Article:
Gasoline prices appear to have peaked more than a month earlier than usual this year at less than $4 a gallon, reflecting reduced tensions with Iran and declining demand for fuel in the U.S. and China, oil analysts say.
Average pump prices fell 4 cents last week to $3.90 a gallon after having peaked at $3.94 on April 6, the AAA reported. That is about a dime shy of the high point reached last year around the usual seasonal peak on Memorial Day, and 21 cents below the all-time high of $4.11, set in 2008.
Gas prices typically rise in the run-up to the peak summer driving season, which starts May 31, and then fall from late summer through the winter when consumers use less gas and do not have to buy the more expensive super-refined fuels needed to fight air pollution during the summer.
The early plateauing and decline of gas prices this month reflects diverse developments from progress in talks with Iran over its nuclear program to a decline in speculation in the gas futures market, and increased hopes that key refineries in the Northeast will not be shut down as anticipated this summer.
The White House came out gunning at the speculation factor in a show of force Tuesday as an array of regulators looked to hunt down illegal manipulation of the oil and gas markets.
"Here is some good news for the U.S. consumer for a change," said Tom Porcelli, chief U.S. economist at RBC Capital Markets, noting that supply and demand for gas are in better balance these days, giving less ground for speculators who drove the price of gas higher earlier this year but are starting to retreat amid declining demand in the U.S., China and Europe.
"We could be in the process of putting in a short-term top in gasoline pump prices," he said.
But, like other analysts who have closely followed gas prices for fear that they would cut into consumer spending and hurt economic growth, Mr. Porcelli cautioned that what happens in negotiations with Iran is one of the many unpredictable factors that could drive up oil and gas prices this summer.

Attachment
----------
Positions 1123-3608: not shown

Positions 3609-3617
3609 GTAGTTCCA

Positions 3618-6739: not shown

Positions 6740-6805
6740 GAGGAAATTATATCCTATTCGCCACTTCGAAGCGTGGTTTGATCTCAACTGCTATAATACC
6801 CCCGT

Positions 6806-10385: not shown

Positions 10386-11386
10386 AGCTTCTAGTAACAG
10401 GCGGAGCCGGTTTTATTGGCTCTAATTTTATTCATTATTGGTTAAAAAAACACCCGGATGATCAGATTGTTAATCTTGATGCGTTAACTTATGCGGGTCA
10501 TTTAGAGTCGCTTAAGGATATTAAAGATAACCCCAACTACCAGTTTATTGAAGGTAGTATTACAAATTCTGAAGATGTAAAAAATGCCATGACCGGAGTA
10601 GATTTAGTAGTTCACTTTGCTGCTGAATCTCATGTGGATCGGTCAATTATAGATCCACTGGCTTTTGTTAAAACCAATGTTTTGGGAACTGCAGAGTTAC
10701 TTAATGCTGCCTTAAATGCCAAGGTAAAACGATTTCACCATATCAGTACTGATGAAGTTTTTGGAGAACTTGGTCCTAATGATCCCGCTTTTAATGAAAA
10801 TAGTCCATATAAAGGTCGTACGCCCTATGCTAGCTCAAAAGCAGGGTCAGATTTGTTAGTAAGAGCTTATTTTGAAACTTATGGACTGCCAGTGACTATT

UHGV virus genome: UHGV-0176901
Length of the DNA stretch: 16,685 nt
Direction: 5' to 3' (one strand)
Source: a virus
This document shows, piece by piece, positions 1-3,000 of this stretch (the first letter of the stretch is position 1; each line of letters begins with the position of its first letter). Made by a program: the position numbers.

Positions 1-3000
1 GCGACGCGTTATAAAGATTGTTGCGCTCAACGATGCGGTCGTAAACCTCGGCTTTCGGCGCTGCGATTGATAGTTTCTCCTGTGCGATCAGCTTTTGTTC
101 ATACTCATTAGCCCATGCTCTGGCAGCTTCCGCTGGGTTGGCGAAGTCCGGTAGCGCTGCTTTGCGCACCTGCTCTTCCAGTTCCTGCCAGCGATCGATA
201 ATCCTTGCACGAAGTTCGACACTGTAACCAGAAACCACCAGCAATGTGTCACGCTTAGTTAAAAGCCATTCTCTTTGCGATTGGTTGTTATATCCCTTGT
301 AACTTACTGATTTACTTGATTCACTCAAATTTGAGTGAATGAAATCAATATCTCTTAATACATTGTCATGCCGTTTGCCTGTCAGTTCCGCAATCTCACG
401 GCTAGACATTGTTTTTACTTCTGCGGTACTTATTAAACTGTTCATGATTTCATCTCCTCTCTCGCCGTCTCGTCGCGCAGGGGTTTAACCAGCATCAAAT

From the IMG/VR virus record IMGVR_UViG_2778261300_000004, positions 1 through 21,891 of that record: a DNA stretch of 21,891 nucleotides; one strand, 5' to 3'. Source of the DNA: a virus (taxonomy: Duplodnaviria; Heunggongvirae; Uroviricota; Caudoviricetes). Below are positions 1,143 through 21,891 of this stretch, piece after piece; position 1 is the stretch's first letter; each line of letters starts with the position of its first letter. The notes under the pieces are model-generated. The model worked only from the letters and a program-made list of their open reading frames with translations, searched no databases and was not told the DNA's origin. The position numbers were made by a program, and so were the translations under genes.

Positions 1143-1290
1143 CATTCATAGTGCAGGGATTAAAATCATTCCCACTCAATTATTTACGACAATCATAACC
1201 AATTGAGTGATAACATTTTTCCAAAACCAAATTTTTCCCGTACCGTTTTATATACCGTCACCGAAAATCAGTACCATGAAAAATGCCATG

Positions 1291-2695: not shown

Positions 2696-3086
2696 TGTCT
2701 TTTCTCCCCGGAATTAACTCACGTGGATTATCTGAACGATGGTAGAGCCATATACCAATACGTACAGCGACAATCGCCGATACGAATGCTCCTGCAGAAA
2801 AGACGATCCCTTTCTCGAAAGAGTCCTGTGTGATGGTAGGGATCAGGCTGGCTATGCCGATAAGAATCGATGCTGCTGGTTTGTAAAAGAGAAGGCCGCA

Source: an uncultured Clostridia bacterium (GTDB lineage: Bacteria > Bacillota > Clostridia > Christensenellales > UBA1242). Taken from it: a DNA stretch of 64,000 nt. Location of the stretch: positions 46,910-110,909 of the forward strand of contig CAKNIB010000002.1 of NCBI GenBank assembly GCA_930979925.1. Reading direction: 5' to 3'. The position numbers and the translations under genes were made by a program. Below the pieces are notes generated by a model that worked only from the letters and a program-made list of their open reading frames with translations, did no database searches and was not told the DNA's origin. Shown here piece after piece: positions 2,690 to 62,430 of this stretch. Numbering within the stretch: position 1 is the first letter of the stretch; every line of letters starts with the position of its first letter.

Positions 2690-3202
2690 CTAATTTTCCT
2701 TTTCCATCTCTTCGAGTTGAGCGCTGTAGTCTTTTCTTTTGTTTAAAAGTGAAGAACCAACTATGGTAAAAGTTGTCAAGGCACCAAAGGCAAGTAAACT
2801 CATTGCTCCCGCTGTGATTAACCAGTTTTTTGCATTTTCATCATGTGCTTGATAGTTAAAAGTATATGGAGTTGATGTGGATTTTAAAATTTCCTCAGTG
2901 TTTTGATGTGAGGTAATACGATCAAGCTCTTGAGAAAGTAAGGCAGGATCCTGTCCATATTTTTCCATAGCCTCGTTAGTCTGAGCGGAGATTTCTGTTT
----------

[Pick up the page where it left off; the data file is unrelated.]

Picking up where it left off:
"We must continue to be mindful of geopolitical tensions that remain in the background and approach any respite in what has been a relentless push higher in gasoline prices with caution," he said.
It was the Iran standoff that in January launched gas prices on an early start to their usual spring run-up. Speculation that mounting demand in the U.S. and China would put pressure on world supplies depleted by a Western boycott of Iranian oil added to the price spike.
President Obama on Tuesday asked Congress to strengthen rules and enforcement against speculation in the oil and gas futures market, where investors make bets on the level of prices from one month to six months in the future.
Intense, worldwide speculation played a role in driving oil prices to all-time highs near $150 a barrel in 2008, according to several studies, and has re-emerged in commodities markets in the past year.
With top enforcement officials at the Justice Department, Treasury Department, Federal Trade Commission and Commodity Futures Trading Commission at his side, Mr. Obama sought to convince markets that the administration is serious about cracking down on illegal manipulation of prices.
But even before the White House announcement, gasoline futures prices started to drop precipitously in the past week on the New York Mercantile Exchange amid reports of a major economic slowdown in China and declining demand for gas in the U.S.
Paul Horsnell, an oil analyst with Barclays Capital, said the steep drop in gas futures prices - which fell 15 cents last week and continued to fall Tuesday despite a rise in crude oil prices - is signaling a leveling-off and eventual decline in prices at the pump in coming weeks.
"The advance in [pump] prices stalled before the $4-per-gallon level," which is important, he said, because $4 is a flash point not only for consumers wary of high prices but also for traders who were increasingly concerned about "political intervention" in the market.
The White House and allies in Europe were considering anti-speculation measures like those announced Tuesday and a release of strategic petroleum reserves to curb the rise in crude oil prices.
The recent decline in gas prices, Mr. Horsnell said, "is likely to draw a lot of the sting and political interest out of oil prices," and enable the market to "sidle a bit further away from the center of the political radar" where the glare of publicity had grown increasingly uncomfortable for investors and traders.
Whether the stabilization in prices and anti-speculation measures will take the heat off Mr. Obama from Republicans remained in doubt, however, as House Speaker John A. Boehner of Ohio vowed to keep bringing up legislation to allow more drilling than the administration has allowed on public lands.
Another factor adding to prices in the Washington area and the Northeast this spring were fears that a major refinery in Philadelphia would shut this summer after the closure of several smaller refineries in the area last year.
Sunoco announced that it would close the refinery, which produces nearly one-quarter of the oil products consumed in the Northeast, if it didn't find a buyer by July 1 - a development that threatened to create major disruptions in supply and drive up prices even further in the region.
But industry reports last week said at least four potential buyers have emerged for the big Philadelphia refinery, as well as for smaller ones that have been shuttered.
"The entire dynamic of the U.S. East Coast markets may be about to change," said Tom Kloza, chief oil analyst with the Oil Price Information Service.
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